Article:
A pinnacle of the Golden Age of Television, "Studio One" presented a wide range of memorable dramas and received eighteen Emmy nominations and five wins during its prestigious nine-year run...
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This live dramatic series featured original stories and adaptations of novels, plays, et cetera during its eight year run. During the first year, the show was sponsored by the Actor's ... See full summary »
Based on a popular radio series, each show tells a different reporter's Big Story, a true story selected from newspapers across the United States. Comments from the actual reporter open and... See full summary »
This live series featured adaptations of other works (novels, plays, et cetera) plus original works for the show. It was primarily dramas, but a few musicals also were presented. The show ... See full summary »
Luis Van Rooten,
Of the many anthology series, this is considered the most ambitious with outstanding talent in front of the camera. Attracting top ranked directors and scripts, it was often filmed live including the entire first season.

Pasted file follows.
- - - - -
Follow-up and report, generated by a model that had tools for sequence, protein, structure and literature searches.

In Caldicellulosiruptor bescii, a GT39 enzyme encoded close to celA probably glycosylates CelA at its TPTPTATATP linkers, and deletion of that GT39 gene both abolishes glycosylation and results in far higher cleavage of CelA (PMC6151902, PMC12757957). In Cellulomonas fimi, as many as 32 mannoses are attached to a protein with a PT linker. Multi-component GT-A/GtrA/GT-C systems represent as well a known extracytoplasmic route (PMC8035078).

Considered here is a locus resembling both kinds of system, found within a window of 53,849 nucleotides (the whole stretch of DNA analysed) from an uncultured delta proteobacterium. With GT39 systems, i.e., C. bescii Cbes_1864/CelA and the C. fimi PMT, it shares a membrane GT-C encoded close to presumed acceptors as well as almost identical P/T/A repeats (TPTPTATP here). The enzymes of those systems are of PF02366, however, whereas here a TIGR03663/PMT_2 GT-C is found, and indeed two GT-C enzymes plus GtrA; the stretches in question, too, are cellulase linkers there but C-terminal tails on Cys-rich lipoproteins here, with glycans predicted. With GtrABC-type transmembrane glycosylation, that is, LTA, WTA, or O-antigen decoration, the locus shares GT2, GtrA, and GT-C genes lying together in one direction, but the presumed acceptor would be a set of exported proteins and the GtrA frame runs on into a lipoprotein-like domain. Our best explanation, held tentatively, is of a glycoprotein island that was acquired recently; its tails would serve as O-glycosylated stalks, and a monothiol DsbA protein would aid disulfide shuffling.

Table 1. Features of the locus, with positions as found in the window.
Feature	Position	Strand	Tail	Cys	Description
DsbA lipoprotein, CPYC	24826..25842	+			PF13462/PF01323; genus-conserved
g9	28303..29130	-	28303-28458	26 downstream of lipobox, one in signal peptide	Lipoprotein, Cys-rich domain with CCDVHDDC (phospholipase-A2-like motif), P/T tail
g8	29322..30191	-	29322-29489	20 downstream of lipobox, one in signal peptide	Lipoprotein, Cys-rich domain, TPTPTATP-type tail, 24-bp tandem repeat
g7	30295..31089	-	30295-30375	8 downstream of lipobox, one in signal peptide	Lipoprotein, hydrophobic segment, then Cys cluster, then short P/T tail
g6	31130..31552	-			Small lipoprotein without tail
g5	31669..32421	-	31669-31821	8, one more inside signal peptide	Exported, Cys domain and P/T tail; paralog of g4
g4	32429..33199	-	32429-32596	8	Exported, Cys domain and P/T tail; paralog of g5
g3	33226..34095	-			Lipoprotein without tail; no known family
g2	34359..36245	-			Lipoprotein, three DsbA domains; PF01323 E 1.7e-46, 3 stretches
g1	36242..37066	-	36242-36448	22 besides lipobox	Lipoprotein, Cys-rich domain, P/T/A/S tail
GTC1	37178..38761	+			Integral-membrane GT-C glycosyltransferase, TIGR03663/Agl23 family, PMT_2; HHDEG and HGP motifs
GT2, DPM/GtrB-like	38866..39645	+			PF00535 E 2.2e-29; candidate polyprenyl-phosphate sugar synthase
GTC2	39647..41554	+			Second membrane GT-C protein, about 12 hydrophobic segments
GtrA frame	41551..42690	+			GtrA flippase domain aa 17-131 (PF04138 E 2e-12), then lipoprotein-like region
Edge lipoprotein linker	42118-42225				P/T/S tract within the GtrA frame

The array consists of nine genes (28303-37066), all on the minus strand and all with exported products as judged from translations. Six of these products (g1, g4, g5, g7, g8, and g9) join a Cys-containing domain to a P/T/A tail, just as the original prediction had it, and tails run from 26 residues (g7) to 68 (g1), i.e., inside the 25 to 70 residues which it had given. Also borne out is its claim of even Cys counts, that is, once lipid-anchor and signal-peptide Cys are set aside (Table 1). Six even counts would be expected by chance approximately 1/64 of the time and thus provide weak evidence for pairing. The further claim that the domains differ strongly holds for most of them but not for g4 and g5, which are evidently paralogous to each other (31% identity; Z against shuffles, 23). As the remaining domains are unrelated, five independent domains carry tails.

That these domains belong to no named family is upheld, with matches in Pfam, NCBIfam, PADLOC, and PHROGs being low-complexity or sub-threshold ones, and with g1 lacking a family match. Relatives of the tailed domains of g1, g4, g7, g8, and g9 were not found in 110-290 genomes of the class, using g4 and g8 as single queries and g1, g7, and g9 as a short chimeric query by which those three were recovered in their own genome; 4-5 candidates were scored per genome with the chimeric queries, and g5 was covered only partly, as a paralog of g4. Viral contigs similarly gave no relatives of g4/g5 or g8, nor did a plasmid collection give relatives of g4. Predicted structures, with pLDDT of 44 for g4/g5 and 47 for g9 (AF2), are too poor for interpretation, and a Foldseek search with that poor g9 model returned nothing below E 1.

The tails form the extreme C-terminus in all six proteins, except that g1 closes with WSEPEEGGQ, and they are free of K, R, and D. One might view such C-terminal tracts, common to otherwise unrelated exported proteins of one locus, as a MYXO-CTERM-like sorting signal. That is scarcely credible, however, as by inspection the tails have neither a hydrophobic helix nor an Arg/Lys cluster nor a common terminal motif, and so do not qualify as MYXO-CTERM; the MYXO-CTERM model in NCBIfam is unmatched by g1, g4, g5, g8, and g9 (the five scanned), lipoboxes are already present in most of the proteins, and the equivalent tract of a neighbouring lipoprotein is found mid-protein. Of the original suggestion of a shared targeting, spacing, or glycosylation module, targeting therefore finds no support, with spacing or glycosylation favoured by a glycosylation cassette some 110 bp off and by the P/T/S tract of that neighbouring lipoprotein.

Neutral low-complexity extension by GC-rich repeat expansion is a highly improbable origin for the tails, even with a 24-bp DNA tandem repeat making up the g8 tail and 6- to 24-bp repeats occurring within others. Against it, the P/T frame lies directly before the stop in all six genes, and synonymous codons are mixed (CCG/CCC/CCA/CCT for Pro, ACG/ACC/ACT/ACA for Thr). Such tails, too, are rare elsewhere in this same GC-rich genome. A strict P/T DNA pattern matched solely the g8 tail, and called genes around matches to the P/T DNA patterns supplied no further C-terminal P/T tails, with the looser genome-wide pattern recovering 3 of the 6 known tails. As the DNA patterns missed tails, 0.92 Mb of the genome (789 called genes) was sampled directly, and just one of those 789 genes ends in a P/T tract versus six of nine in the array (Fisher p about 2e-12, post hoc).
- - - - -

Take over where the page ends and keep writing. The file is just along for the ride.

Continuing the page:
A pinnacle of the Golden Age of Television, "Studio One" presented a wide range of memorable dramas and received eighteen Emmy nominations and five wins during its prestigious nine-year run on CBS. Showcasing some of the greatest talents of the era, this groundbreaking series created an enormous impact, and still remains a treasured part of America's broadcasting history. Embracing the work of some of television's most iconic writers, directors, actors, and technical artists, the Studio One Anthology featured the complete 1954 original television production of "12 Angry Men" and is highlighted by early performances by Charlton Heston, Art Carney, Jack Lemmon, and Leslie Nielsen, as well as teleplays written by Rod Serling and Gore Vidal.
Having just seen "The Laughmaker" on a fascinating DVD, I feel compelled to correct some curious information in the previous review. First, the character that Gleason "plays" on his TV show is "The Poor Soul", not "Fenwick Babbitt". The two are similar, but the "soul" is a pantomime character. Second, and most bewildering in the review, Marian Seldes (who remains "stick thin" to this day) is in EVERY scene with Gleason. Except for one final scene towards the end, she doesn't appear WITHOUT him. Gleason, playing Gleason, is quite good; Carney can't help but be likewise. But it is Sally Gracie, as the girl singer who truly loves the Gleason character, who steals the show.
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